The Maine Ingredient: Indian Pudding with Rhubarb-Apple Compote

Posted Wednesday, May 25, 2011 in Sustainable Maine

The Maine Ingredient: Indian Pudding with Rhubarb-Apple Compote

by Denise Tepler

Thinking about old-time Maine Spring cooking and facing the cold and dreary weather we have had, I was inspired by two ingredients found at the Farmer’s Market in Brunswick to make a rhubarb-apple compote flavored with candied ginger and serve it with a slow-baked New England Indian Pudding.

The beautiful rhubarb came from Keough Family Farm and at $3/lb. it is much cheaper than fiddleheads or asparagus. The cornmeal came from Fairwinds Farm which grew, dried and milled it in Topsham.

Along with asparagus, and wild-foraged fiddleheads, rhubarb is one of the earliest local foods to be harvested and appear in our Farmer’s Markets (and in the home garden.)  Other foods, such as lettuces and winter greens are now available early because of the advent of hoop houses on Maine farms; but rhubarb must have been very exciting as a Spring taste, totally different than winter flavors, for Mainers of the past. It is very high in vitamin C and must have helped restore the body after a long hard winter. 

Corn was a gift to Europeans from Native Americans.  It was unknown in the old world but European settlers found it cultivated by Native North Americans as a staple. Making a “pudding” of it, with milk, was certainly an invention of the early English immigrants. http://en.wikipedia.org/wiki/Hasty_pudding#Corn_or_Indian_mush

This dessert is a good cold, rainy Sunday project and will make your family or friends happy.

Even though rhubarb is our Maine Ingredient, I will start with the recipe for Indian Pudding as it needs to be cooked first, it takes 2 hours to bake.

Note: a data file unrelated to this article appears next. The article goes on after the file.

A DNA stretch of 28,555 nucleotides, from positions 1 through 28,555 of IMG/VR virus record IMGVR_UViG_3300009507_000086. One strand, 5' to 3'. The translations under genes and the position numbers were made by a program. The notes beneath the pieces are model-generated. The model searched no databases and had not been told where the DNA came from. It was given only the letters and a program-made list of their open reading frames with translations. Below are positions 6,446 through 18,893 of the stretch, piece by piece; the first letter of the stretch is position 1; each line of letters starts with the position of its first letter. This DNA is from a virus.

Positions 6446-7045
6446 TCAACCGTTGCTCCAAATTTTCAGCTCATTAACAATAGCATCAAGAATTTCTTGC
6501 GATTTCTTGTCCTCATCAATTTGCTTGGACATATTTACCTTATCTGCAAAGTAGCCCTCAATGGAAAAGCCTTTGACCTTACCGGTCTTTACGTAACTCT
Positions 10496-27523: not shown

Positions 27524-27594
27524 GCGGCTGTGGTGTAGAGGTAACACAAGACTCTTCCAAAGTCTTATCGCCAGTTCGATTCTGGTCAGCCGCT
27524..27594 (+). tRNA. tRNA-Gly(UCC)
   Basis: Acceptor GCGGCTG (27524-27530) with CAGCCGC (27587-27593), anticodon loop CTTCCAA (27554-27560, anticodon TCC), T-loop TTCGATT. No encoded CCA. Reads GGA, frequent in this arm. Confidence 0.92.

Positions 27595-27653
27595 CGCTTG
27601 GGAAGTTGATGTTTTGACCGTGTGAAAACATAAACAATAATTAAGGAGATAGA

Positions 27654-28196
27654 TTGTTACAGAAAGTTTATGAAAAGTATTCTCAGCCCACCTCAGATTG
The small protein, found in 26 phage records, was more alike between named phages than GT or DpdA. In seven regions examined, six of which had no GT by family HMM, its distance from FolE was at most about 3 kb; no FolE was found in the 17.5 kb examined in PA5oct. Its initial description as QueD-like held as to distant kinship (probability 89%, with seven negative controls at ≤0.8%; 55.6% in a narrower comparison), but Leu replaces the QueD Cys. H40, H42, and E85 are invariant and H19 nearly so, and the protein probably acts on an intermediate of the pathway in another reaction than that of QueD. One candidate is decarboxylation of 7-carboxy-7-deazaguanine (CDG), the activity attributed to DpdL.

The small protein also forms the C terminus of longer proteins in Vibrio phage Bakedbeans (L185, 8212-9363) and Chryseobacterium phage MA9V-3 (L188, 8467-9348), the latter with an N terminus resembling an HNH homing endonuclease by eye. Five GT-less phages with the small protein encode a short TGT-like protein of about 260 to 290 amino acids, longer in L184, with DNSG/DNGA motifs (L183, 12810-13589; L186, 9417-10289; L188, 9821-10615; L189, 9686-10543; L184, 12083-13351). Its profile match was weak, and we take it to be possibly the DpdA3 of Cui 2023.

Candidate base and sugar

New England Indian Pudding

1 quart 2% Maine milk (Smiling Hill Farm or Moo Milk are good choices)

1 tsp. salt

1 cup finely milled cornmeal (Fairwinds Farm)

1/3 to ½  cup unsulphured molasses

3 tablespoons sugar

¼ cup butter

1 tsp. ginger powder

½ tsp. cinnamon

2 eggs, beaten

1/3 cup finely chopped walnuts

Rhubarb-Apple Compote (recipe below) to top

Whipped Cream or Vanilla Ice Cream to top

 

Preheat the oven to 3000.  Finely chop the walnuts.

Bring the milk and salt to a bubbling simmer in a heavy saucepan.  Slowly and carefully add the cornmeal, stirring constantly to prevent lumps.

Cook the cornmeal and milk mixture over low heat, stirring continuously to prevent lumps and sticking, for about 10 more minutes, until thickened.

Add the sugar and stir and then add the molasses in a slow stream, stirring constantly. 

Continue to cook and stir for about 2 more minutes.  Remove from heat.  Add the beaten eggs and stir well.  Add the butter, ginger, cinnamon, and chopped walnuts.

Butter a ½ or 2 quart casserole dish well and pour in the pudding mixture.

Bake in a 3000 oven for about 2 hours until the pudding is fully set and the top is a bit browned.  While the pudding is baking, make the Rhubarb-Apple Compote.

 

 

Rhubarb-Apple Compote

 

 

6-8 stalks of local rhubarb

2 Maine-grown Macintosh apples

¼ cup of candied ginger (Reed’s brand is the best)

1/3 cup of sugar

½ cup of water (or apple cider)

Chop the rhubarb and place in a large, heavy, lidded saucepan.

Next, core, peel, and chop the apples and add them to the pan also.

 

 

 

 

 

 

 

 

 

 

 

 

 

 

 

Finely chop the candied ginger, and add it to the saucepan as well.

Add all the other ingredients (sugar and water or cider) to the pan – cover and cook over medium low heat.

 

Stir frequently and continue to cook for about 15 minutes until the apples begin to dissolve and the rhubarb cooks down. 

 

The finished compote can be served warm over the Indian Pudding with whipped cream or vanilla ice cream, or it can be eaten by itself with one of those toppings.  My family really enjoyed it and I hope yours does too!

 

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